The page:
26 June 2016

The Trouble With Taylor Rules

Proponents of tight monetary policy like to show variants of the following chart
as evidence that the Federal reserve has kept interest rate too low since the financial crisis and that policy leading up to the financial crisis was too weak. To many this argument is compelling; as inflation is currently near target and output isn't too far from potential, the Federal Funds Rate should be higher, shouldn't it?

No. This analysis is flawed on multiple levels, most importantly its failure to acknowledge the nonneutrality of money. Of course no one who has shown this chart thinks that money is neutral, but they are nevertheless making a massive mistake. In reality, the interest rate implied by the Taylor Rule is affected by the actual level of interest rates. Say, for example, inflation is 2%, the output gap is zero, and the nominal interest rate is 3%. This implies an interest rate of roughly 4% in most specifications of the Taylor Rule, so the Federal Reserve raises interest rates by 1%. But now both output and inflation are lower, so the Taylor Rule suggests a lower interest rate. Thus, had the Fed raised interest rates back in 2011 when the Taylor Rule said it should have, since money is not neutral, inflation and output would have subsequently been lower, implying a lower rate suggested by the Taylor Rule.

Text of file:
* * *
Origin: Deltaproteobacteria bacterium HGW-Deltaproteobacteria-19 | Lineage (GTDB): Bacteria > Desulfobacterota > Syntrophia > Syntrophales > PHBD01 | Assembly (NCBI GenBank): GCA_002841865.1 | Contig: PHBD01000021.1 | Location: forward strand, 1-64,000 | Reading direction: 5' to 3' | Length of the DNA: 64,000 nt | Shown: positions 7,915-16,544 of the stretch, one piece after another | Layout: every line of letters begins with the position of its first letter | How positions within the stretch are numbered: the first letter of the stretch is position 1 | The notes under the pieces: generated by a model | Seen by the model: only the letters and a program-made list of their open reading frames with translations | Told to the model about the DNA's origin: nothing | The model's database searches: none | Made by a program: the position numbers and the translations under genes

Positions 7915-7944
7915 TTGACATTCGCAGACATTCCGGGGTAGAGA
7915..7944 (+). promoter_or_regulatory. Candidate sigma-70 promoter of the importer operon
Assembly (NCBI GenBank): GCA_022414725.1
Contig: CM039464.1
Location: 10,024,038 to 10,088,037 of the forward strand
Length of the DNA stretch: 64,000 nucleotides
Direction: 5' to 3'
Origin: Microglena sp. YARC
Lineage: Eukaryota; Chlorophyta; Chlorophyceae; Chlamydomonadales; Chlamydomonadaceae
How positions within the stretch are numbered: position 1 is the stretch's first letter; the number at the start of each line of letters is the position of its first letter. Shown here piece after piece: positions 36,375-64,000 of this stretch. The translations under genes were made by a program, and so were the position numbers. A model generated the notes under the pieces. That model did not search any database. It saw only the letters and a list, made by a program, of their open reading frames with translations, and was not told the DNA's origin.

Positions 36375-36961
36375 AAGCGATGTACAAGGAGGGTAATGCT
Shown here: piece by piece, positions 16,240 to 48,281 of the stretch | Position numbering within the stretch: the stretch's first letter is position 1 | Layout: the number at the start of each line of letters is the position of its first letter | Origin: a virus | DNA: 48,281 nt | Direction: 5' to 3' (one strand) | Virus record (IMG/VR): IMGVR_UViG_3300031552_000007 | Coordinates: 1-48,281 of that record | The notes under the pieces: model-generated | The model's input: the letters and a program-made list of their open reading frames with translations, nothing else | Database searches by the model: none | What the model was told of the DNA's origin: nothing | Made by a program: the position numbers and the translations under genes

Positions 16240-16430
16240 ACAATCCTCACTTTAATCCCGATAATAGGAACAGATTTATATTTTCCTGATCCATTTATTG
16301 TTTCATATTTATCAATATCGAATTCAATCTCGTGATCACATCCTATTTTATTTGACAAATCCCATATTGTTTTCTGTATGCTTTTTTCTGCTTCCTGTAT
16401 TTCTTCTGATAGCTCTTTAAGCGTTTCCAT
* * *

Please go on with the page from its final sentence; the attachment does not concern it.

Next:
Following a Neo-Wicksellian framework, any time inflation and/or output are above target, the interest rate either is currently or is expected to be below the natural rate. Given that both output and inflation are currently close to target, it is clear that the Wicksellian natural rate is about zero, or at least that the expected difference between all future interest rates and all future natural rates is about zero. Now is not the time to raise rates, then, as some Taylor Rules suggest.

Taylor Rules have the obvious problem of not taking the natural rate into account, or at least assuming that it is constant over time. This leads people to have mistaken expectations that interest rates should be at a certain level at full employment, not realizing that the level of interest rates determines whether or not we are at full employment; money is not neutral.

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